Expect lots of self-referential links here! There is an even better reason why this is a good thing though.
It could prove to be the most effective piece of electoral and constitutional reform in living memory. A vital factor in the real decentralising programme that Gordon Brown will undoubtly ignore as he tries to convince us that he's not just another control freak.
This may seem to be a grand claim, given the establishment of devolved assemblies and the London government since 1997, but bear with me here.
Let me lay out the argument in bullet points if I may?
- The steady increase in political centralisation has many causes, but I would argue that the remoteness of MPs from their constituents is the biggest single factor.
- Political centralisation is partly caused by the media’s obsession with court politics – and obsession that is fed by the most successful politicians who are – by the fact of their very success – motivated to promote political centralisation
- Despite the tedious state of perma-news that we all now live in, we are barely more aware of who our MPs are now than we ever have been.
- Because of this, elections are decided almost entirely upon party lines. In marginal seats, the quality of representation offered by the incumbent (or potentially, by their rival) is a non-issue.
- The national swing is everything. In ‘safe seats’ on the other hand, the MPs are able to not give two fucks about how well they do their job, or what their electors think about anything. And some of them take advantage of their ability to do this by … er… doing it.
- We don’t get good individual candidates like one half of Ken Livingstone’s split personality
- The Burkean model of representative government could be revived by the simple expedient of encouraging MPs to spend more time having a conversational relationship with their constituents. The transformation that this could bring can’t be overstated.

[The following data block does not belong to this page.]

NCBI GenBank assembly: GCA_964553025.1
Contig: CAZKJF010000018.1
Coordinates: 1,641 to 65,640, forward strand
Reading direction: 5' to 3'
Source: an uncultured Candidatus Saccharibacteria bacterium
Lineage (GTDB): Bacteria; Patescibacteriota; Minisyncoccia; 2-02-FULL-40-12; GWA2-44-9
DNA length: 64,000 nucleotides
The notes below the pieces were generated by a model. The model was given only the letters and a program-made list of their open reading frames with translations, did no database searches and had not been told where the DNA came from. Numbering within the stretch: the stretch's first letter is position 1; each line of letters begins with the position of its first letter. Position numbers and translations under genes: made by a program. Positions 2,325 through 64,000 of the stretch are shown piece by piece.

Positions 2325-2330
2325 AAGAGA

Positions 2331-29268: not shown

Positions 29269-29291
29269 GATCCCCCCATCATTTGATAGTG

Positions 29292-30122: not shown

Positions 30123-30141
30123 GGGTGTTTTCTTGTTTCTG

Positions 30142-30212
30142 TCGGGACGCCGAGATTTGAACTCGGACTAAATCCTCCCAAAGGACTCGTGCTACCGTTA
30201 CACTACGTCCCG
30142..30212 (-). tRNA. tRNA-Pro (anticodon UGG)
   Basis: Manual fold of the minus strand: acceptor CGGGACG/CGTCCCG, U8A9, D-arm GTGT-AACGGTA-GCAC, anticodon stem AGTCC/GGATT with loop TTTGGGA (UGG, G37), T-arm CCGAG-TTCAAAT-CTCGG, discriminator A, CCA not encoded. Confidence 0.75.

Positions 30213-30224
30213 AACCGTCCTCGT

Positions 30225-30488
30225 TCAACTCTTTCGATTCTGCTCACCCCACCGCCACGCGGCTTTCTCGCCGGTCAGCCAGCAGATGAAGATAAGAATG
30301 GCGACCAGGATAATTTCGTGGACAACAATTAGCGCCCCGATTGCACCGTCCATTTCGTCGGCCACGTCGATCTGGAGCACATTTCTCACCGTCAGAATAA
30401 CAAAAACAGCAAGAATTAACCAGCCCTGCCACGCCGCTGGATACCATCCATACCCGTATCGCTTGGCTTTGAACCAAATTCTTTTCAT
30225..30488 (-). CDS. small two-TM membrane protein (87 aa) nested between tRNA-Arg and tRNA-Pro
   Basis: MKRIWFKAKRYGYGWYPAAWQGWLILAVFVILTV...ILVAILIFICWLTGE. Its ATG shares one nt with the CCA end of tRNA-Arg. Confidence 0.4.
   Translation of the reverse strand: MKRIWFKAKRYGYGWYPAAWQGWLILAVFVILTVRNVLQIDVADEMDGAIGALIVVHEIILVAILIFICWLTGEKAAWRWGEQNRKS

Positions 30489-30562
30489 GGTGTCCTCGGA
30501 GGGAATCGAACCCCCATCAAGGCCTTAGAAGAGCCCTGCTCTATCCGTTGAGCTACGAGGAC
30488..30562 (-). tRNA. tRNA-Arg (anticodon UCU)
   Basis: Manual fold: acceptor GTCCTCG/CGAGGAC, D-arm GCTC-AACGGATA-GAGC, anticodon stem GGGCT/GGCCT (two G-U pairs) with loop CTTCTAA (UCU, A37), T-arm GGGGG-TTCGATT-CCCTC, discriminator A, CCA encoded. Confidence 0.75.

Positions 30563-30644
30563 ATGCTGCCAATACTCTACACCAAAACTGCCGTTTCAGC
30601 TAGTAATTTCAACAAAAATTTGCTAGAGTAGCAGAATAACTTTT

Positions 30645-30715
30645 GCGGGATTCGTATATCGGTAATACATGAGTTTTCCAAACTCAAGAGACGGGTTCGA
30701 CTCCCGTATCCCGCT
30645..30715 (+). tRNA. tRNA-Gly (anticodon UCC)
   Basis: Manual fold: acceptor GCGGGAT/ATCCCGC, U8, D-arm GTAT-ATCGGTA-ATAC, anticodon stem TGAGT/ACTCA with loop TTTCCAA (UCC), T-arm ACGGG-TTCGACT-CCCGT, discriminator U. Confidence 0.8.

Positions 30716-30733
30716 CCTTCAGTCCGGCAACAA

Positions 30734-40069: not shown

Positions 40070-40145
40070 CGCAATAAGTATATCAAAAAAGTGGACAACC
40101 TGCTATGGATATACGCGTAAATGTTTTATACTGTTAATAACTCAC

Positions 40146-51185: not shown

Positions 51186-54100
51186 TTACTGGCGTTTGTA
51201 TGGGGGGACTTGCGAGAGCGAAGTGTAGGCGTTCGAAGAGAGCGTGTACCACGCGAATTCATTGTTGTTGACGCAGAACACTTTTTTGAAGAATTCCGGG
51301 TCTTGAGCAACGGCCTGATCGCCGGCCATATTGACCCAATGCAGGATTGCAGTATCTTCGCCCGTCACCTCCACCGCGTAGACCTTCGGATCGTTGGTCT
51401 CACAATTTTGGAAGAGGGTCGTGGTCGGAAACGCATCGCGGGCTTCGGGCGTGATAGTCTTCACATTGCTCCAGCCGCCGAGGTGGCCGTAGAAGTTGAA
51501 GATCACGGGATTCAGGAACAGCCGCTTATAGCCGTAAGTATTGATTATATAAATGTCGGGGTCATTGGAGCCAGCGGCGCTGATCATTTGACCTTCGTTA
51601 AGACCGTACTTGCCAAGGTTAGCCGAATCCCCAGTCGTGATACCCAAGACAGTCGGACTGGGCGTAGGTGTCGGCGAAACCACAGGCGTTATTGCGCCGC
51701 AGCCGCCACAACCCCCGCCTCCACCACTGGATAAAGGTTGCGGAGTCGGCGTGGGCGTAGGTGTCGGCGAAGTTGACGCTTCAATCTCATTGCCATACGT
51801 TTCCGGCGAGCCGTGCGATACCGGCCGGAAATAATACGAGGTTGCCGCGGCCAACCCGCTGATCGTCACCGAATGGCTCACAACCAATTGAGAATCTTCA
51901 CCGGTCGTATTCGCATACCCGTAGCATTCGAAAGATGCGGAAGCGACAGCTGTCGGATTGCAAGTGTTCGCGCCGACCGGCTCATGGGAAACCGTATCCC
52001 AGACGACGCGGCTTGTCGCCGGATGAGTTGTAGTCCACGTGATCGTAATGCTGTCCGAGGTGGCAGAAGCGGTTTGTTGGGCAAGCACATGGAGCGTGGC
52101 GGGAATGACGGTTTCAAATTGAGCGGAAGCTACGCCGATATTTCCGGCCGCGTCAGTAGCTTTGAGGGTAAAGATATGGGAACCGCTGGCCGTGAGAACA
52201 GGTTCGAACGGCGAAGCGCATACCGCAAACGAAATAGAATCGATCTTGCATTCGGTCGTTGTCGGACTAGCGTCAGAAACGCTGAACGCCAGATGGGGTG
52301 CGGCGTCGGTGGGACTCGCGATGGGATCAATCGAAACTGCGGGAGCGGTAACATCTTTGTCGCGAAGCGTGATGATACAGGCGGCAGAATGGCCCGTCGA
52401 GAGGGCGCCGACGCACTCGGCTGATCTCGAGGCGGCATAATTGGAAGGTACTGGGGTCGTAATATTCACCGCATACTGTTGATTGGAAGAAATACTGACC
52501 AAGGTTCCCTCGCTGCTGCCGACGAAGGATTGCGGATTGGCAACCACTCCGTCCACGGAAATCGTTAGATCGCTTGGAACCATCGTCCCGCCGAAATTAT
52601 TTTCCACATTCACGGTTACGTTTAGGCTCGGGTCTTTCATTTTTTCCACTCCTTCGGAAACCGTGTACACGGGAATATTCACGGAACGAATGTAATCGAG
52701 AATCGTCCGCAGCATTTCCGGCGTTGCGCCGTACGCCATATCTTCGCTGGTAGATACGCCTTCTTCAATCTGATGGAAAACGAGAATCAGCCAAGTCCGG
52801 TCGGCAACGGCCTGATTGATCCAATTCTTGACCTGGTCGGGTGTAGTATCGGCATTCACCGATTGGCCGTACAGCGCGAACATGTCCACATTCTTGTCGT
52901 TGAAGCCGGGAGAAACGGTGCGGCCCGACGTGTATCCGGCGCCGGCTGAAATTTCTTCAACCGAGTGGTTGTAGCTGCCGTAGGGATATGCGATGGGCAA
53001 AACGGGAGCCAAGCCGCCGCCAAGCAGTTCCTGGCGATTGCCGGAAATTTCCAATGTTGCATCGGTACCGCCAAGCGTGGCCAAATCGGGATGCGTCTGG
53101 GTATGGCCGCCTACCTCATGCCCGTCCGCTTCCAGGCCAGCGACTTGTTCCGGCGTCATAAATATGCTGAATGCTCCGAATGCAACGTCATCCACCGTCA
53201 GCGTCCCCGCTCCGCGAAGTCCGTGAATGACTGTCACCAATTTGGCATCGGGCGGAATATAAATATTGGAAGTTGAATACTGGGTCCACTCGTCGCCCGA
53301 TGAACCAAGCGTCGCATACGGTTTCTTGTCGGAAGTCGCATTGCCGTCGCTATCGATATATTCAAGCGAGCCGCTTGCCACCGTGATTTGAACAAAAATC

So. Encouraging MPs to consort with their constituents in a highly efficient way has the potential to transform democracy. And, though I’m generally an optimist about these things, I have a range of excuses ready for why it won’t happen. Here are the first two for now.
Excuse #1: Constipators
Jack Straw’s determination that any help should no be allowed to "…become a propaganda tool for the use of incumbents" and it was time to "make clear what the rules are". This translates has a dead hand similar to the odious Standards Board, stopping MPs from saying what they think. The Standards Board exist largely to supress representative democracy. Regulars will recognise that this is an old chestnut here.
MPs can probably also expect to receive the same stupid advice that David Miliband got when he set up his blog. Advice that he should have ignored, but advice that the cowed demographic that makes up the parliamentary parties will probably grasp hold of with relief.
These constipators will ensure that MPs never use their personal websites to weave the rope that they need to hang themselves. So you can reasonably expect 630 websites that are all identical, that all cost £10k a year to manage, and that all say nothing of any interest about their managers. Expect a bunch of necrotising agents crawling over these sites, making sure that the £10 hasn't been wasted actually saying anything of any value.
Excuse #2: The job-creation scheme for roundheads
You watch. The political parties will find a way of milking this and turning it into a backhander for themselves. Again, this will be welcomed by most MPs as it will relieve them of the responsibility of having to do their jobs properly. I’m strongly in favour of state-funding for parties, but emphatically not for campaigning or communication purposes. Only for policy formation and for the development of an alternative to our pampered mandarinate.
So, this could be the best thing that could happen to our democracy. But it won’t be. It will, however, provide us with an answer to the following question:
Are MPs motivated to assert the values of representative democracy, or are their short-term interests allied to those who would diminish it further?